I Know What You Typed In There
Threat actors are increasing in number, and so are the tricks and techniques they use to compromise their targets. From using malicious software and hacking into computer systems to performing social engineering attacks to stealing sensitive information about a target, malicious actors use whatever they can in order to hack into their target’s network. There are different types of malware present in the wild that allow an attacker to compromise a target computer system. One particular type of malware is a keylogging malware or a keylogger, which this blog talks about, and which can be used by adversaries to record the keystrokes that are entered on the computer system on which the attackers have installed the keylogging malware. This blog also describes the various security implications of a keylogger being installed on a target system.
A threat actor can use various techniques to get keylogging malware onto a target organization’s computer systems. They could send a bogus email that seems to be from the IT department of the company that could be asking an employee to download and install specific software that the company wants everyone to use. In this way, the attackers could manage to deliver the keylogger onto the victim machine. Once the keylogger is installed on the victim machine, it would start recording or logging all the keys that would be pressed on the keyboard that is attached to the victim machine. The keylogger could either send the logged keys to the threat actors as and when they are entered onto the keyboard, or the keylogger could save all the keystrokes in a text file and then send that text file over to the threat actors, either after a particular time interval or any other condition that the attackers might set into the source code of the keylogging malware.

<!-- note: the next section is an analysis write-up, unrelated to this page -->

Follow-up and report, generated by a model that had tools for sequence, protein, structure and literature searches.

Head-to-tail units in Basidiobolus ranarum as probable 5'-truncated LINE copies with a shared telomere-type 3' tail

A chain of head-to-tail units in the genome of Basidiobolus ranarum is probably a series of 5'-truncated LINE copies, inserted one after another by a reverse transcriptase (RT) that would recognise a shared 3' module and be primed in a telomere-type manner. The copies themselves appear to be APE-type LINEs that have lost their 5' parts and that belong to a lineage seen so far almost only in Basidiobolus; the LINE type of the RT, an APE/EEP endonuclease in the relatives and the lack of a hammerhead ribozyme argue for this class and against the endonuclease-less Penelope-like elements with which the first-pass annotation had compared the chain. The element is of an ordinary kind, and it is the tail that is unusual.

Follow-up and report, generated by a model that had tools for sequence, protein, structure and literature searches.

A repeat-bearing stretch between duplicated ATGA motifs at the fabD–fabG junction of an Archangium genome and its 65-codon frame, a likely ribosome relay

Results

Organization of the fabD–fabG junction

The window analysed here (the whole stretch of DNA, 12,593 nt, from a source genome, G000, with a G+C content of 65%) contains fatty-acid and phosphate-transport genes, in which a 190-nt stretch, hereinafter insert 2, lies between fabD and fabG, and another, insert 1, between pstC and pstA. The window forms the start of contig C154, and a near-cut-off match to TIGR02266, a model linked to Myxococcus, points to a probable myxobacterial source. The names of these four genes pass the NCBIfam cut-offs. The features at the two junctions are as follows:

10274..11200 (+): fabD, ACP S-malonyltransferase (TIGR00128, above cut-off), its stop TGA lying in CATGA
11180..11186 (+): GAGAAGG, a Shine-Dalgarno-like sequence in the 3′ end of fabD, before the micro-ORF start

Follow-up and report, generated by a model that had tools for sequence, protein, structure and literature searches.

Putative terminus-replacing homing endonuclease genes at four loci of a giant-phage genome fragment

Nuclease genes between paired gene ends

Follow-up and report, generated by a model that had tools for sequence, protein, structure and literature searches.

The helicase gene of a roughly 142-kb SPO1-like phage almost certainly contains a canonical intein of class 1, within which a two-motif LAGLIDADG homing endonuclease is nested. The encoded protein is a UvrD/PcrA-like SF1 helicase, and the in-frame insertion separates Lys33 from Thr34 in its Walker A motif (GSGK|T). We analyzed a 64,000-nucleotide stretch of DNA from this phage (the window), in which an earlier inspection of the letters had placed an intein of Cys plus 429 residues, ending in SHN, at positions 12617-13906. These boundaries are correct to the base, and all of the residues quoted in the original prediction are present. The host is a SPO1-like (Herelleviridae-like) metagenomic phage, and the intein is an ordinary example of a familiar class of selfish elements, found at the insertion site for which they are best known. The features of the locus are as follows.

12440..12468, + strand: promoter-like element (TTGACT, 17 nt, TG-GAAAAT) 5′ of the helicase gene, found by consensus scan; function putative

As most of the information that employees may type while working on their workstations is usually sensitive, a keylogging malware attack could cause significant losses to a target organization. Let’s say for example if a computer system that belongs to the financial department gets infected by a keylogging malware, then it could cause monetary damages to the target organization. This is because the threat actors might be able to steal financial information, such as bank account details, online bank account usernames and passwords, and other financial information that the attackers could use to steal money from the company, its customers, partners, suppliers, etc.
Most keyloggers’ log files, before getting exfiltrated, usually get stored on the target system first, but they could be hidden and not be visible to anyone, and this makes detection very difficult. Another issue is that at times even if someone manages to find a keylogger’s log file, that log file could be encrypted or in a format that no software on the victim computer can read, and therefore, the victim might not get to know what lies within that file. This would cause the victim to remain unaware of the fact that they just fell prey to a keylogging attack, and that all the sensitive information that they would have typed into their systems had been sent to a cyber-criminal. By recording a target’s keystrokes, the attackers can completely pwn a victim’s life and cause vast amounts of damage to them.
Attackers could also use keyloggers to steal credentials for victims’ online accounts, such as social media websites, and cause damage to the victims by impersonating them and sending bogus messages to their online contacts. This could damage a person’s reputation among their friends, family, and colleagues, and cause chaos in their lives. Preventive measures should be taken to protect computer systems from getting infected by keyloggers, and to protect sensitive information from getting stolen by cyber-criminals.